The Cavalier Daily
Serving the University Community Since 1890

Letters To The Editor


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Honorable intentions

The University community deserves a more informed perspective in response to several misguided assertions in Sam Leven?s guest viewpoint (?Single sanction truths,? Oct.


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Going too far

I am writing in response to Sarah Wade?s editorial cartoon published in the Oct. 6 issue of The Cavalier Daily.


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Show some class

I graduated from the University 10 years ago. I chose to stay here in Charlottesville to live and work.


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Non-smokers rights

I am writing in response to Michelle Lamont?s column (?Smokers have rights too,? Oct.


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Embracing diversity

Annette Robertson claims in her column (?Reverse discrimination,? Oct.3) that Affirmative Action is a racist policy.


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Lack of respect

I write in response to Seth Ragosta?s letter to the editor (?Show a little respect,? Oct.


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Taking the middle road

In response to both Amelia Meyer?s article (?Academic self-governance,? Oct. 1) as well as Seth Ragosta?s letter to the editor, (?Show a little respect, Oct.


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Economics and the election

I am glad to see that Amanda Nichols (?McCain provides relief,? Sept. 30) and Phil Sukys (?Obama encourages growth,? Sept.


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Greed is not good

Alexander Cohen?s paean to greed (?The G Word,? Oct. 2) asserts: ?The only way to determine what money a person deserves is to let him prove it in a free market.? As a professional economist, I have two observations.First: Presumably by ?free? you mean ?competitive.? I agree.


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Show a little respect

I write in response to Amelia Meyer?s article (?Academic self-governance,? Oct. 1). I take serious issue with Meyer?s characterization of self-governance as a marketing pitch of little value to the community and her sarcastic reference to the ?shining examples? of Honor and Student Council (according to her, the source of ever so many woes). Meyer not only ignored the entire point of student self-governance but failed to acknowlege the vast effect that our unique way of administering Grounds has in molding the academic and professional lives of her peers, not only in school but far after.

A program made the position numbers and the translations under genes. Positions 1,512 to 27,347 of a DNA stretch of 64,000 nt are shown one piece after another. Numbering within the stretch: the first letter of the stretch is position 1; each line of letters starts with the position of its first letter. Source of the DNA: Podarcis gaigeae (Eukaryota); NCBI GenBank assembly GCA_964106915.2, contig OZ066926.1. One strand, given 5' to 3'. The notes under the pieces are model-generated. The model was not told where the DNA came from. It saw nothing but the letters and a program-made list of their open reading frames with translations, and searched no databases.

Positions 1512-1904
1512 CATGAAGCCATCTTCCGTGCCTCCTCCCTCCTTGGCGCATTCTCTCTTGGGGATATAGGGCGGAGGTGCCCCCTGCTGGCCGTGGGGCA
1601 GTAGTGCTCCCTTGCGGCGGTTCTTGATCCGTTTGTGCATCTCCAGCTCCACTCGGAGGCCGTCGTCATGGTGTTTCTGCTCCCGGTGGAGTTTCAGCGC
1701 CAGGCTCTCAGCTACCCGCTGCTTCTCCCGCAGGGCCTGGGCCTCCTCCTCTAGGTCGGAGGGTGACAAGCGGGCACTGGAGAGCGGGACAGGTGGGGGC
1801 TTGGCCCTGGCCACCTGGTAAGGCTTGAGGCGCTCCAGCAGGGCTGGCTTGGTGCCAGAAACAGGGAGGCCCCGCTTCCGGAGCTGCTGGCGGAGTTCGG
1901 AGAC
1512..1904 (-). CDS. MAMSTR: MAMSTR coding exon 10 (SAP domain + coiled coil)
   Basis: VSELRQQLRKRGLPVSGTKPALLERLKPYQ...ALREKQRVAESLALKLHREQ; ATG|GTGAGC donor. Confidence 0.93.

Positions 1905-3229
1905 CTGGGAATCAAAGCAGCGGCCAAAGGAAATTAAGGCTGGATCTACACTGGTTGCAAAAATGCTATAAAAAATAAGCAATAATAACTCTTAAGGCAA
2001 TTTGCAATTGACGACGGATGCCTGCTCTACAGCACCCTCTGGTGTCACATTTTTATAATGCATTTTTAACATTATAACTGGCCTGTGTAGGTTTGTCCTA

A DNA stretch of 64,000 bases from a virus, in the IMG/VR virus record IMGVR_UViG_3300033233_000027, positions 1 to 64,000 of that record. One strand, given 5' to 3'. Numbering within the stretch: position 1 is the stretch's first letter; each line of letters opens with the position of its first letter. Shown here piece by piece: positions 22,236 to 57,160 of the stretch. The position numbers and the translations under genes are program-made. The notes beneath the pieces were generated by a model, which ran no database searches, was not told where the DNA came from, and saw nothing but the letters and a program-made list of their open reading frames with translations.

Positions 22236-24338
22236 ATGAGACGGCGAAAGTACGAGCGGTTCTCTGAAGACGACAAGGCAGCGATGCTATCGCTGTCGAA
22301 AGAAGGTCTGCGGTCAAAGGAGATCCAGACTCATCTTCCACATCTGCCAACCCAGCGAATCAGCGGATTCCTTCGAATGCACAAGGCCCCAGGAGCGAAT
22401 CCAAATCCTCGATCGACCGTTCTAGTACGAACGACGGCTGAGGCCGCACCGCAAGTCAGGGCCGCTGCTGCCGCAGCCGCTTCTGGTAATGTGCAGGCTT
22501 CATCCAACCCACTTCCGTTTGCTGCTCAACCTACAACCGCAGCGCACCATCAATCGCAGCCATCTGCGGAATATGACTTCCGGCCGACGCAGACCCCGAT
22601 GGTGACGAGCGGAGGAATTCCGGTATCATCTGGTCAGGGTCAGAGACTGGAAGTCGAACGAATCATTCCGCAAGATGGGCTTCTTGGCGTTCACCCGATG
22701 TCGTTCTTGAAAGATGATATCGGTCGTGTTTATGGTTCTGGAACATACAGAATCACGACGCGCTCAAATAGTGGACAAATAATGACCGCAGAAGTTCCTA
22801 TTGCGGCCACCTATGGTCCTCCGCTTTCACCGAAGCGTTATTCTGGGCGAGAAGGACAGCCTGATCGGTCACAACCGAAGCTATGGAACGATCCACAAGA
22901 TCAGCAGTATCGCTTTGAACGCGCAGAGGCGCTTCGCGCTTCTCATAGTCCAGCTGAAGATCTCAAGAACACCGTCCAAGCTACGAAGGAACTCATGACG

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Remembering Lizzy

Today is September 29th. It was a beautiful day two years ago, both here and in the central Blue Ridge Mountains of Virginia.


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Missed opportunity

A recent Cavalier Daily news article (?Third parties compete for votes,? Sept. 23) missed the opportunity to give readers a better view of what third parties and independent candidates are all about and, heaven forbid, a probing assessment of the barriers and challenges these candidates face to get on the ballot, in the debates and on the news.Rather, it noted that these candidates exist, gave a bland synopsis of what they stood for and then rehashed the typical responses that one reads in the media about the prospects for these candidates during a general election.A more thoroughly researched article would have actually told readers how many ballots the candidates are on rather than rely on Center for Politics staff member Dan Keyserling to tell us that, ?In a lot of states they are not even on the ballot.? Ralph Nader is on 45 ballots, including Virginia, according to his Web site, and is a write-in candidate for the remainder.


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Standing up

I read Dan Stalcup?s column (?Craig for a day,? Sept. 24), and though I have never met him I would like to shake his hand.


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Misrepresentation

The picture of a Tibetan nomadic family printed on the Nation & World page of Monday?s paper (Sept.


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Lacking alert

I?m just curious why, if we have an alert system in place, was it not used Tuesday morning? Upon trying to leave Cabell to grab some coffee before class, I came to face to face with a police officer yelling at me to ?get back in the building!? I would have been much more welcoming of a text message informing me that certain areas of Cabell were closed off and that students were not permitted to enter or exit on the first or second floor.


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The procrastination party?

While Alex Cortes claims (?A clear oversight,? Sept. 18) that the Democrat-controlled Congress has abdicated their responsibilities by taking a vacation instead of acting on the energy crisis, one might ask what exactly the Republicans accomplished during their twelve years as the majority party.


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Costs of crime

Geoff Skelley?s recent column (?Crime and punishment,? Sept. 19) certainly has merit for encouraging reform in areas of the ?non-violent? criminal sector.


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Groh’s mistakes

Being a former walk-on at the University, I was at the Gator Bowl against Texas Tech and I watched Peter Lalich on the sidelines in the first half talking smack with his buddies on the team and not even watching the game when we were on offense.